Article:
An Immersive VR experience at the National WWI Museum and Memorial, Kansas City, MO
Occasionally I am on the look out for experiences that go above and beyond the normal events going on around tow at ay given time. Limited time engagements like my recent trip to Union Station for an Auschwitz Exhibit are things I try to always do. I recently visited the National World War I Museum and Memorial in Kansas City, MO and noticed an ad for a thing called War Remains. It was apparently a virtual reality experience, which in itself isn’t that impressive – you can buy a VR headset for a relatively small sum of money and do many things that used to cost an arm and a leg at the mall in the comfort of your own home. I’m not even sure I can do a lot of VR stuff, honestly due to the fact that I get car sick really easily and have become ill on one of those fake roller coaster simulators. War Remains is different – instead of just sitting around and moving around with a controller, the company that created the experience has built a 20×20 or so room that has bits and pieces of trenchworks simulated creating a augmented reality VR combination that I have never come across before. Having the images of what has got to be one of histories darkest times interlaced with the visceral feelings of being there, being able to touch and interact with items is a class above all else. Produced by legendary history podcaster Dan Carlin, War Remains is something any history buff near Kansas City needs to experience at least once.
“This is not a game. This is History. Live through the war to end all wars unlike ever before. Presented by legendary “Hardcore History” podcaster Dan Carlin, War Remains is an immersive VR experience that transports viewers to the Western Front of the First World War. Witness history unfold from a soldier’s point of view in this thought-provoking, visceral encounter.
Carlin’s iconic voice leads audiences into the trenches as an active battle scene rages on. Through stunning visual effects, powerfully designed sound and a custom set that allows you to feel the trench and experience the vibration of the floor as explosions surround you, audiences will undergo the annihilation of innocence caused by the First World War and bear witness to the emergence of modern warfare. Experience War Remains in the Museum and Memorial’s Memory Hall.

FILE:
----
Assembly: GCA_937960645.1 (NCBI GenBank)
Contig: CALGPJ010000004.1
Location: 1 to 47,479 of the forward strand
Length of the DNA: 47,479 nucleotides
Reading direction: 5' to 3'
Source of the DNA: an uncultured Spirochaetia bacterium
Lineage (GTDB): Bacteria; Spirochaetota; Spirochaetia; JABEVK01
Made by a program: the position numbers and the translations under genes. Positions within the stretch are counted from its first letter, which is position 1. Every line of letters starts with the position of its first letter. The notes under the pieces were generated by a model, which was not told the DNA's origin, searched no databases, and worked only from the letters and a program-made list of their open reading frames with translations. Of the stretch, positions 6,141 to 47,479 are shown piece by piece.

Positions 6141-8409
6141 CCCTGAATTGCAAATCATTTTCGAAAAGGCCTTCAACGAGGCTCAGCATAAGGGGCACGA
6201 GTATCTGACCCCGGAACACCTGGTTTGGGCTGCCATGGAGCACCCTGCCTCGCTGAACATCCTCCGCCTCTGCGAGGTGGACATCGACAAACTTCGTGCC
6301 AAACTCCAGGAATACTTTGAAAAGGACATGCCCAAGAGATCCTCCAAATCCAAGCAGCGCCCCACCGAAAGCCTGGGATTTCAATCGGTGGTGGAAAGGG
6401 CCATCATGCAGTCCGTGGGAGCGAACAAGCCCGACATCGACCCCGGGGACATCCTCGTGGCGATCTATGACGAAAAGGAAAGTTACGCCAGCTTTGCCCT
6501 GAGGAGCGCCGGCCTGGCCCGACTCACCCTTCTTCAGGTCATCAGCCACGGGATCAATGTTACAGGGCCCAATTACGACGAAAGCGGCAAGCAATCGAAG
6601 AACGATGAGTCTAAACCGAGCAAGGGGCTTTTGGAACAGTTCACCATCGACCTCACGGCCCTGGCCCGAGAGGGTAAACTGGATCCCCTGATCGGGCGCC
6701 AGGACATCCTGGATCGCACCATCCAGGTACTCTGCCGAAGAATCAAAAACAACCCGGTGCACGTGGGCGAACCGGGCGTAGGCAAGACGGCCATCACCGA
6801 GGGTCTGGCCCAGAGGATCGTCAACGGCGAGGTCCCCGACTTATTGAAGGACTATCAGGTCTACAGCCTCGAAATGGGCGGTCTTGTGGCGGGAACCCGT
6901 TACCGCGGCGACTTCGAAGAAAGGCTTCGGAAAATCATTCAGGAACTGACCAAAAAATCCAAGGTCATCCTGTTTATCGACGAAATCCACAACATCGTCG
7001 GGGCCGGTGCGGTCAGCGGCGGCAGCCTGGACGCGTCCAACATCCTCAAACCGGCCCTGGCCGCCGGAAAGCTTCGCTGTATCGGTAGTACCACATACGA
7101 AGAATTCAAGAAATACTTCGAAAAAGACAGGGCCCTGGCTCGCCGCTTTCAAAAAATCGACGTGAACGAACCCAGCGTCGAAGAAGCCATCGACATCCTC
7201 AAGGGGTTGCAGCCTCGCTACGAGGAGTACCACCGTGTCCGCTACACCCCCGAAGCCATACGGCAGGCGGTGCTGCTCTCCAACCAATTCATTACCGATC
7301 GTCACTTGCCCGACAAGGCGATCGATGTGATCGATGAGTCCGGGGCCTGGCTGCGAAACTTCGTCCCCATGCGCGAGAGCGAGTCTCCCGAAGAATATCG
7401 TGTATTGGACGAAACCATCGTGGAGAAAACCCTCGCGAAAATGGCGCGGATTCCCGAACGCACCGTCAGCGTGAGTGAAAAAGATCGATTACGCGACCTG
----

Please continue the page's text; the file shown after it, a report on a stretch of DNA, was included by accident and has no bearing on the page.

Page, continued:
War Remains is a solitary experience, allowing one user through approximately every 15 minutes. VR headsets and equipment are thoroughly cleaned and sanitized between users. “
For around 25 dollars, patrons are treated to what basically amounts to a 15 or so minute short film that can be viewed from various angles and interacted with as if one is actually in the trenches of France during a German shelling at the peak of the war. The story is broken into five segments including an introduction, a narrated view of a barrage balloon high above the ground being attacked by enemy planes in the distance, a walk through a trench during a battle, taking cover in a bunker during shelling, and finally surviving a German tank raid on the very trench you were just taking refuge in only to witness mustard gas rolling in. In total you likely only walk like 20 feet in the entire thing, but you are tricked, via the vastness of the simulation, into believing you are in a wide open area full of nightmares at every turn. There are fans in front of you at various times giving the illusion of choppy wind and other sensory gimmicks that really added to the experience. being able to feel and touch things was amazing.
Perhaps touching things was the only problematic part of the experience, only because the technology is not quite perfect for immersion as of yet. For example, even though you feel things around you, one cannot see hands which causes a bit of a disconnect at times. I found it better to get really close to the walls and not look down while feeling thigs to trick my brain a bit more. perhaps future versions can add some sort of hand tracking technology, assuming they ever decide to upgrade it. There are also a few times where one reaches out to touch something, but a previous attendee that was perhaps overzealous slightly moved it at some point – this also broke the illusion a bit. That said, what was there was 1000% cooler than any VR I have ever done in the past, and I would gladly pay to do it again.
I’m on a big WWI kick right now, and as you can imagine, this absolutely fueled it that much more. Hearing Dan Carlin navigate you through the horrors of war was an experience I will never forget, and I hope more museums get attractions like this in the future. I was told that due to great ticket sales, this may end up becoming semi-permanent attraction at the museum, but they are trying to figure out a better place to put it rather than their Memorial Hall, which usually houses artefacts that have been somewhat pushed aside to make way for this. National World War I Museum and Memorial now owns War Remains, so I hope it becomes a fixture of the museum. Stay tuned for another entry about my trip to this museum, as I went to a handful of other exhibits during my visit.
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